Posts Tagged ‘spirituality’

What have genuine fake watches to do with the Apostle Paul?

That’s how I started my message this morning. Having just got back from Europe I’m focussing on three great cities that were visited by the Apostle Paul and which Robyn and I also visited on our journeys. See last week’s post on Athens.

Screen Shot 2014-10-10 at 7.16.26 pmToday I talked about Ephesus, a great city that is currently situated just inland from Kusadasi on the coast of Turkey. One of the features of Turkey for us was the high levels of salesmanship that existed: Or to be more precise, being bombarded by market-sellers from every angle, including those who were trying to sell genuine fake watches.

A couple of thousand years ago, the Apostle Paul experienced the same sort of aggressive salesmanship from a group of tradesmen who made gadgets out of silver to support the worship of the great goddess Artemis, the supreme deity at Ephesus at the time.

The problem with these silver merchants was that while they were talking about Artemis as though she was very important to them, what really worried them was that if people started following this Jesus that Paul was promoting and stopped worshipping Artemis, they would also stop buying Artemis merchandise and their livelihood would be threatened.

I call it genuine fake religion when people talk as if they’re on speaking terms with God, but are really only interested in what they can get out of their religion in terms of financial reward or even a well-polished ego. It’s pretty easy to use religious language to give people the impression that you’re that little better than others … a little more spiritual … a better Christan. It makes the person who’s doing it feel good and makes the other person feel a little worse.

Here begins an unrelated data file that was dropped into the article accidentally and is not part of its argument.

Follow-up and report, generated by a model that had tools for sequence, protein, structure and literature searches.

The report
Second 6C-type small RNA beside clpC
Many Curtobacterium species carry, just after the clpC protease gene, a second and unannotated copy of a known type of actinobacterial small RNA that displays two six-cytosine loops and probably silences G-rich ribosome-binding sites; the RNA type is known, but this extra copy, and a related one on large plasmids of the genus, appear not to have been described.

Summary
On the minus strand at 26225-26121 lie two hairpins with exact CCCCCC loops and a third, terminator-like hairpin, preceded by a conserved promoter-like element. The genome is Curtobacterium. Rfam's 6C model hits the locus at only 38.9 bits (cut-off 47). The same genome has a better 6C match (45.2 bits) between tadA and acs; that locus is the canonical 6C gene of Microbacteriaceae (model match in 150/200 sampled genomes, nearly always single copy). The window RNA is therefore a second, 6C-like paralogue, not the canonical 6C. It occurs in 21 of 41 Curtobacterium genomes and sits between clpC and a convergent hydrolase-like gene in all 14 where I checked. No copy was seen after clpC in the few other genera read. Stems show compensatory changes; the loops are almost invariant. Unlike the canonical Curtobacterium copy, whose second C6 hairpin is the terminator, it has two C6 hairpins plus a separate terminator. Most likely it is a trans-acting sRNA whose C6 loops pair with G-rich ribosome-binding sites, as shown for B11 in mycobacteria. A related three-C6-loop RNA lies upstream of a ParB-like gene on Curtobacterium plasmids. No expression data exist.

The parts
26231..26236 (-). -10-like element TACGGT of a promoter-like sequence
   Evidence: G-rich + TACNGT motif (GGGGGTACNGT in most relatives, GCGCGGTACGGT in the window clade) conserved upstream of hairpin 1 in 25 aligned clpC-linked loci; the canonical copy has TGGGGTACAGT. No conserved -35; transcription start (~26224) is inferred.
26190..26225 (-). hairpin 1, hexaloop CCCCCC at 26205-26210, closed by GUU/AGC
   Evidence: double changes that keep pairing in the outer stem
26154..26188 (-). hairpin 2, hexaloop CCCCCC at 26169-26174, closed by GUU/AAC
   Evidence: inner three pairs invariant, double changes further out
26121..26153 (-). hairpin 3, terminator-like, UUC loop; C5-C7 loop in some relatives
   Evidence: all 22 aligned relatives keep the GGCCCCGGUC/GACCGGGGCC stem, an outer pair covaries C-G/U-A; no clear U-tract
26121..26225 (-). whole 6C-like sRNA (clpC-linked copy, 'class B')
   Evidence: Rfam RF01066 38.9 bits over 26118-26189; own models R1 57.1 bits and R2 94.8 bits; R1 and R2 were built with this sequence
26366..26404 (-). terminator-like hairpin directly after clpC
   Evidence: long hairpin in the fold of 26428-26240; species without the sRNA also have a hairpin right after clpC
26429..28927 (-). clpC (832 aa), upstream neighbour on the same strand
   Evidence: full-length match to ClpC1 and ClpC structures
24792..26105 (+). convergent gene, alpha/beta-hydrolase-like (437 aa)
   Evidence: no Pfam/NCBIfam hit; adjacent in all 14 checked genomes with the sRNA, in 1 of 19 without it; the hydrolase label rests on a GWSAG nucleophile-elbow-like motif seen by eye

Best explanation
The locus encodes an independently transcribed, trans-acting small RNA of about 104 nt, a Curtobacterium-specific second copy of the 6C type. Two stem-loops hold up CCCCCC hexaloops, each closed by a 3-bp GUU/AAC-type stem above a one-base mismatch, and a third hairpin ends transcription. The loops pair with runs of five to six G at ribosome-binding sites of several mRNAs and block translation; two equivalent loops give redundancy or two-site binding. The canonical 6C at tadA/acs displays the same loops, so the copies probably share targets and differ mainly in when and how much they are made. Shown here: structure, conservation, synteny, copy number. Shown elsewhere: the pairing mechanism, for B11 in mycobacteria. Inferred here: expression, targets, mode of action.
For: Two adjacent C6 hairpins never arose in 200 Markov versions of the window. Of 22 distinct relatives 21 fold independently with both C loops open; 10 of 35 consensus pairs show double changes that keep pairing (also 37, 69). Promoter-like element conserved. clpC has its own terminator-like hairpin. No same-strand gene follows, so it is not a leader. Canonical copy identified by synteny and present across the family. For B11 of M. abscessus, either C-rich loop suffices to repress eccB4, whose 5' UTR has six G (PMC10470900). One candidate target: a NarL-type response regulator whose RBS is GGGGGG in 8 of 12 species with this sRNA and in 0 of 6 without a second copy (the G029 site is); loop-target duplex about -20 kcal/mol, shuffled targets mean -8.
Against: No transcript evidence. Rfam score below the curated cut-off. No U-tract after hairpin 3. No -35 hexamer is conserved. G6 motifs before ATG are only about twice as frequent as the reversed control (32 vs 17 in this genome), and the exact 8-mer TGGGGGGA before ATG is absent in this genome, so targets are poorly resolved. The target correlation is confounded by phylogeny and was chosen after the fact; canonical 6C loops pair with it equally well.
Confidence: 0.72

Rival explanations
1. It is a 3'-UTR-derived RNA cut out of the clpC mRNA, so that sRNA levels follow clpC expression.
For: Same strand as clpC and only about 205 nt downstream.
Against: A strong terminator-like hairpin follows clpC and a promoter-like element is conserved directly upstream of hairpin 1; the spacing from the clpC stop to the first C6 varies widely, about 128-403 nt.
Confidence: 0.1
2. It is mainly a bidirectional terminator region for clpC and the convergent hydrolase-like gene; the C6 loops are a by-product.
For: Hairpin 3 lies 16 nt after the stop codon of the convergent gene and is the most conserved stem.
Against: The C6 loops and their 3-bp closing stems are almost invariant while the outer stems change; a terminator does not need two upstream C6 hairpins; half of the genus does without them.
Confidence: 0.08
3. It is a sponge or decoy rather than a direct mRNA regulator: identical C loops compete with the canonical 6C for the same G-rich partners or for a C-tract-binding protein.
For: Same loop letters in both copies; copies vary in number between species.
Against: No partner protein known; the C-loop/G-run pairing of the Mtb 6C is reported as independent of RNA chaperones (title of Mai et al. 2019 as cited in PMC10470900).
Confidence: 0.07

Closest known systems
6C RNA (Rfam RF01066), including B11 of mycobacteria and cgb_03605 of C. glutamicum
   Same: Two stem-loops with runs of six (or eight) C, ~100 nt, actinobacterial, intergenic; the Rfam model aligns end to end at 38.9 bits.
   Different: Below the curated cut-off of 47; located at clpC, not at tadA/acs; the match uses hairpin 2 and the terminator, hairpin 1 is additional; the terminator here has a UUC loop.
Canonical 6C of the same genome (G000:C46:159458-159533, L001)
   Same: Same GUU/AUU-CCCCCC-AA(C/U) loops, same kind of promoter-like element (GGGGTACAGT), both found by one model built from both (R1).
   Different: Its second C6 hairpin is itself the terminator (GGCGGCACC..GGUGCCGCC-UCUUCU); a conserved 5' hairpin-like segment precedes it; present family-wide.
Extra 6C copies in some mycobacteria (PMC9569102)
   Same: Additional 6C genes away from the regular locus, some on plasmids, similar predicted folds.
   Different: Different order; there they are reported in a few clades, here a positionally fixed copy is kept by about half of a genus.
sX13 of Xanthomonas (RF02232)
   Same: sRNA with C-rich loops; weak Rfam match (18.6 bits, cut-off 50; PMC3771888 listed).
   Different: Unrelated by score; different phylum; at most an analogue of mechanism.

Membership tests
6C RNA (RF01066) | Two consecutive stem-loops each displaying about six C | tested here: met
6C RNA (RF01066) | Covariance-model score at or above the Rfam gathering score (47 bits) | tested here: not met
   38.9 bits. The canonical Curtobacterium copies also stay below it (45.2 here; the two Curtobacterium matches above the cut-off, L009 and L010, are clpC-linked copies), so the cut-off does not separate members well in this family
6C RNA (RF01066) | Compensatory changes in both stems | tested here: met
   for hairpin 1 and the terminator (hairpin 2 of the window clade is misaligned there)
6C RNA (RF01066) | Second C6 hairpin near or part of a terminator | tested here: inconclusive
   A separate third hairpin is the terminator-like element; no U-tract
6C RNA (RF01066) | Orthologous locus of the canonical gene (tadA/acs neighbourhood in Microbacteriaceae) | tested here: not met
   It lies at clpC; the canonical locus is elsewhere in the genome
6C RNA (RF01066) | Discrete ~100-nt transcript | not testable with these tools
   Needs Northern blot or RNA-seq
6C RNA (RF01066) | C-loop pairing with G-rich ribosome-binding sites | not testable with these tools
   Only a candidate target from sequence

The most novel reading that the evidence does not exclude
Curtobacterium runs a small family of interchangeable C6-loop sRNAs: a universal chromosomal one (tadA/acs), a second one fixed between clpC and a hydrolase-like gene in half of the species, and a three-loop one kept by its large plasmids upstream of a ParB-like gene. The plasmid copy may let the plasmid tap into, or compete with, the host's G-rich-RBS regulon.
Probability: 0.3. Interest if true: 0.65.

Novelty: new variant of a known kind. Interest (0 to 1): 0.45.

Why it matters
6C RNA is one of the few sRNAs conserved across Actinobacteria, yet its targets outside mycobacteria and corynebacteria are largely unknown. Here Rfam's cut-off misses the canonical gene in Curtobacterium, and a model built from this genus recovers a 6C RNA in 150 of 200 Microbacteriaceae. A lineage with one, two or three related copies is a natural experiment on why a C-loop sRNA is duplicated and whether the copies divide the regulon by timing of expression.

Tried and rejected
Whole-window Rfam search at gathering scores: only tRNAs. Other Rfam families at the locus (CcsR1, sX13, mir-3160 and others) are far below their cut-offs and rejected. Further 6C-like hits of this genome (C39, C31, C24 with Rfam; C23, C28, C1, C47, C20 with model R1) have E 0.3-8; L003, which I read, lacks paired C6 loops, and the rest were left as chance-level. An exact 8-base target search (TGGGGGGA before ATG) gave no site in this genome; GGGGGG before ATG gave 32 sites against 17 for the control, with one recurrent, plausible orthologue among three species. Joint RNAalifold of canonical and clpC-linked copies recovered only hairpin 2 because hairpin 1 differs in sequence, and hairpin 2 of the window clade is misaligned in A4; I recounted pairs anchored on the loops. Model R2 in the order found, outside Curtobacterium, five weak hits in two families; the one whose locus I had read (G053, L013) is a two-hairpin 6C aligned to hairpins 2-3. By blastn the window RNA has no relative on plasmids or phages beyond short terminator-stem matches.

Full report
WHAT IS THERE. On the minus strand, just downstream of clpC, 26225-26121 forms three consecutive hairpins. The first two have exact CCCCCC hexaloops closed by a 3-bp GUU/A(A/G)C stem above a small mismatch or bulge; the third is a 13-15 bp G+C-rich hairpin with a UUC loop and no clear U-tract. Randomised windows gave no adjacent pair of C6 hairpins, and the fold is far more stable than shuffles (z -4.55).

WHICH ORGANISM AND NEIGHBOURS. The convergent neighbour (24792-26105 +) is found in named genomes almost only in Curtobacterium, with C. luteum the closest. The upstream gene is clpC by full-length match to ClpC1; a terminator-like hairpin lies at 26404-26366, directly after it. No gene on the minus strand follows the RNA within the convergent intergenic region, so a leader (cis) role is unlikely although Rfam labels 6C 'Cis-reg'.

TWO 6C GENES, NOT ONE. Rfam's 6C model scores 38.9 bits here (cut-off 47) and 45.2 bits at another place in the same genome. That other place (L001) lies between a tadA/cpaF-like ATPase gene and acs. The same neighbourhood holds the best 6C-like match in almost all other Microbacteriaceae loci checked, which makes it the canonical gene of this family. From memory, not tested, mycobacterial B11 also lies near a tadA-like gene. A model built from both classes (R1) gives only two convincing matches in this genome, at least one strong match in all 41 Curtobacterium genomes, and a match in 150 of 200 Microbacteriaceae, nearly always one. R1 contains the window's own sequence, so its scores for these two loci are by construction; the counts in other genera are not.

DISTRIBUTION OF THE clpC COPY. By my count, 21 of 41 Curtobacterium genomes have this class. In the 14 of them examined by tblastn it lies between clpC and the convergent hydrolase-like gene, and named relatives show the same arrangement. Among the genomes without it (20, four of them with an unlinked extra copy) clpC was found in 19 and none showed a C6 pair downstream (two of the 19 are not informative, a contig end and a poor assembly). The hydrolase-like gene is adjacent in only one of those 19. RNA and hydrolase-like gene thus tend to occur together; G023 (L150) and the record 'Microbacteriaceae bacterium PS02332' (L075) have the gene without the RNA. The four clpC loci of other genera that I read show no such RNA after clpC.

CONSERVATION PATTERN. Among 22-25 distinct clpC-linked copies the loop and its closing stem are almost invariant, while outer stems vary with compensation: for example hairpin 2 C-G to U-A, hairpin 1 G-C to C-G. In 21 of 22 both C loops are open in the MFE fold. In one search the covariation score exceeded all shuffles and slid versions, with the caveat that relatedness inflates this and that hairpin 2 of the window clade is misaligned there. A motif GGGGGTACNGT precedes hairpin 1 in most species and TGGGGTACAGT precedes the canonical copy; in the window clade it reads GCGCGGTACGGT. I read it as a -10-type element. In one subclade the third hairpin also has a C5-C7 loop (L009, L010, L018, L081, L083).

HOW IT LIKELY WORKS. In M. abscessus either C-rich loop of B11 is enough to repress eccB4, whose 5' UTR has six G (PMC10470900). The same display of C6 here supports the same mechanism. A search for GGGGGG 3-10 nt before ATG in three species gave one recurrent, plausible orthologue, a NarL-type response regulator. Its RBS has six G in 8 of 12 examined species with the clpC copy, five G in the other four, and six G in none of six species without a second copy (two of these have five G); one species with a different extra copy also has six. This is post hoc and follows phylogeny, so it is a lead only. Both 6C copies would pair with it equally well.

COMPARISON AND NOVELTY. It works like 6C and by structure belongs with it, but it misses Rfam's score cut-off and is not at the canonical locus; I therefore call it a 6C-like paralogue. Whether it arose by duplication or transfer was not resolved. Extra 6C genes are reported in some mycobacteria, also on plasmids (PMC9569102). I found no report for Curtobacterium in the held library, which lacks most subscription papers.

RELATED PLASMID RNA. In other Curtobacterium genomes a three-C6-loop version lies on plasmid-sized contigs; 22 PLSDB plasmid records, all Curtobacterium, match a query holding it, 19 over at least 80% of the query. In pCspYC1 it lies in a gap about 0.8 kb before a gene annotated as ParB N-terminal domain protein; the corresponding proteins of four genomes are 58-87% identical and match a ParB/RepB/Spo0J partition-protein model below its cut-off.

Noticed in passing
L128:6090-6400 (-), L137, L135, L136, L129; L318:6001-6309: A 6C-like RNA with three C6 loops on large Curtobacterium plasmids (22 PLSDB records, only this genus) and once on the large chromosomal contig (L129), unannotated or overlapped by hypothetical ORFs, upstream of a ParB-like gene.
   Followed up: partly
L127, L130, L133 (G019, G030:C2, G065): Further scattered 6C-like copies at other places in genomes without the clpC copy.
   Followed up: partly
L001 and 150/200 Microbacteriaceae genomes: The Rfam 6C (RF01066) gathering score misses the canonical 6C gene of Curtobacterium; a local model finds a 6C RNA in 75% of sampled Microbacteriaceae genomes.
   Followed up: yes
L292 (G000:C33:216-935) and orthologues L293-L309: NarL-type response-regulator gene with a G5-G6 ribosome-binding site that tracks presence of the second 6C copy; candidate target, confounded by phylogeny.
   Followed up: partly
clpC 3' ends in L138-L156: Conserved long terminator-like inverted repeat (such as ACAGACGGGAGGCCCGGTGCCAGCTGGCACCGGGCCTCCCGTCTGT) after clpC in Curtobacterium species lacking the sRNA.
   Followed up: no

I’ve got a feeling that God’s not interested in genuine fake religion, but needs a whole lot more honesty, both in the way we interact with him and the way we interact with each other.

I feel like I’m about to burst into tears all the time. Perhaps I didn’t pray enough, exercise faith enough, oppose the devil enough. I can hardly pray at the moment though. Feelings of spiritual failure haunt me.

Honest transparency accompanied by gentle playfulness makes Sheridan Voysey’s latest book, “Resurrection Year” a refreshing contribution to an understanding of the human condition and the workings of God in the harshness of life.

Former Sonshine fm announcer and Open House host, Sheridan Voysey and his wife Merryn open not only their front door, but the doors of their hearts and minds to give readers a glimpse of their personal grief and the journey of healing through what they called their “Resurrection Year”.

For 10 years the couple struggled with childlessness, battling the issues associated with infertility, including IVF and adoption. “Resurrection Year” traces some of that journey giving the reader an insight into the heart of a couple who have a deep faith in God, yet experience real human emotions of grief, anger, disappointment and doubt.

God, this is cruel—leaving us in this wilderness. We’ve walked round in circles for years—tired, thirsty, and confused. One minute we’ve glimpsed the Promised Land, and the next minute you’ve barred us from entering it.

With the words of a friend ringing in their ears that they should take a “resurrection year”, Sheridan and Merryn left successful careers in Australia to take a holiday in Europe before settling into a new life in England. For them it was not just a case of starting a new life, but of grappling with the issues around childlessness and seeking God’s direction for them in accepting and understanding their place in a world where everything around them reminded them of what could have been.

What are we to be? Who will we become? Will we forever feel sad as we walk past a playground, with its parents and toddlers and games of tag?

This is not a book that ends on a victorious note of prayers being answered, but it does end with a deep sense that the God who encompasses the earth is fully present in the lives and home of those who trust in Him. This is a book that addresses the realities of life through the experience of two people and their journey together through grief and hope. It’s a book that reassures the reader that even when life doesn’t seem to be handing out the answers we expect, God has a gracious way of filling the empty spaces.

Sheridan Voysey: “Resurrection Year. Turning broken dreams into new beginnings”. Published by Thomas Nelson, Nashville, Tennessee.

Available on Amazon today.